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How Do I Sharpen to Match An Existing Angle?

How Do I Sharpen to Match An Existing Angle?

How to Match an Existing Angle on an Edge Using a Marker

I would like to sharpen my edge to the same angle. What technique can I use to match the existing angle of my edge?

The most common way to help you sharpen to the existing angle on an edge is to use a marker or Sharpie to help you identify your sharpening angle. This is sometimes called The Marker Trick or The Sharpie Trick. This process is simple, once you understand how to do it. It works on any tool or knife, doesn't require measuring the angle, and can be used with any sharpening method.

Use a Marker to Color in the Bevel

Start by coloring in the bevel with a marker. Make sure you get all the way from the heel of the bevel to the edge. It's not always necessary to darken the entire length of your knife or tool, but cover a large enough area so you can see it easily.

I'll use a chisel to demonstrate. The bevel is nice and large so it will be easy to see the results. This method works on any bevel on any tool or knife.

Coloring Bevel With Sharpie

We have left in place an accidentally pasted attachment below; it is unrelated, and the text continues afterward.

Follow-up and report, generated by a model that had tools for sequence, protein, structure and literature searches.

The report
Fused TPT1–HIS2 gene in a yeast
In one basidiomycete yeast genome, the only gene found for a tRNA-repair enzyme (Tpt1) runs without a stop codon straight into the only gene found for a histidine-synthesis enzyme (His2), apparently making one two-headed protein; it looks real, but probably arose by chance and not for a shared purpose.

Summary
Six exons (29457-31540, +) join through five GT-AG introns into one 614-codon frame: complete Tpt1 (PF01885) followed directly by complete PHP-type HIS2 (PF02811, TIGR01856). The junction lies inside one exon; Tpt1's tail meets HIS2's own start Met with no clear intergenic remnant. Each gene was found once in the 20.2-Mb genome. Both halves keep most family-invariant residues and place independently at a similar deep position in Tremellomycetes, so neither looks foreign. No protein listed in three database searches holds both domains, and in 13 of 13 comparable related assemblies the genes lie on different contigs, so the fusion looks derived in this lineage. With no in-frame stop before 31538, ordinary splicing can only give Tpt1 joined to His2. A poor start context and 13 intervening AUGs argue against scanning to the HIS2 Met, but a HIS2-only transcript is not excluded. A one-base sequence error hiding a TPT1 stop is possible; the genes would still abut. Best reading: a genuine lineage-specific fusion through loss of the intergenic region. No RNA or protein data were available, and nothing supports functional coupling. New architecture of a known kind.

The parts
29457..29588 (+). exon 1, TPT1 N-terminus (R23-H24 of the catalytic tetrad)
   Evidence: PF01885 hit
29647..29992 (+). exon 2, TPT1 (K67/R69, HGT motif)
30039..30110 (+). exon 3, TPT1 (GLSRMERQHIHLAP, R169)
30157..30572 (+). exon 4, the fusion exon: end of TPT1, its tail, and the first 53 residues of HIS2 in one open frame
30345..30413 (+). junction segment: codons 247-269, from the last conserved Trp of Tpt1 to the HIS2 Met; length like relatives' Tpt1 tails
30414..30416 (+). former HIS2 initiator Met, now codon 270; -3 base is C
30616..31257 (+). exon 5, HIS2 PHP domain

Color in the bevel on the edge you're sharpening. This chisel has a large bevel. In the photo above, I have covered the entire bevel.

Make a Test Pass to Remove the Marker

Put the tool or knife on the sharpening surface and get as close as you can to the existing angle by eye. If you are working by hand on a stone, lightly take a stroke. If you are working with a powered sharpener, move the abrasive belt or wheel without turning the machine on. You're not sharpening yet, just getting some test marks.

Testing Sharpie On Bevel

In this photo, I'm making one careful pass with my chisel. This is how I will create my test marks.

Inspect the Bevel

Now take your knife or tool off the abrasive and have a look at the marked in bevel. By seeing where the marker has been removed, it is straightforward to determine if your angle is too high, too low, or just right.

Angle Too High

The marker is worn away at the edge. That indicates that the sharpening angle is too high.

Angle Too Low

The marker is worn away well behind the edge. This indicates that the sharpening angle is too low.

If you're not spot-on already, remark the bevel, adjust the angle and try again until you have it just right. Once you have found the sweet spot, you are ready to sharpen.

Angle Matched

In this photo, the marker has been removed across a large potion of the bevel, indicating that the sharpening angle has been matched to the previous angle.

Ready To Sharpen

The marker trick for determining your sharpening angle is an easy and efficient technique when you want to match the existing angle. If your knife or tool was cutting properly and just needs a resharpening, using the existing angle is often a better choice than trying to resharpen it to a different angle. Once you've found the correct angle, you then continue sharpening your edge.

We've shared this technique with many of our customers over the years. We hope that by sharing sharpening information and techniques we can improve your sharpening knowledge and results.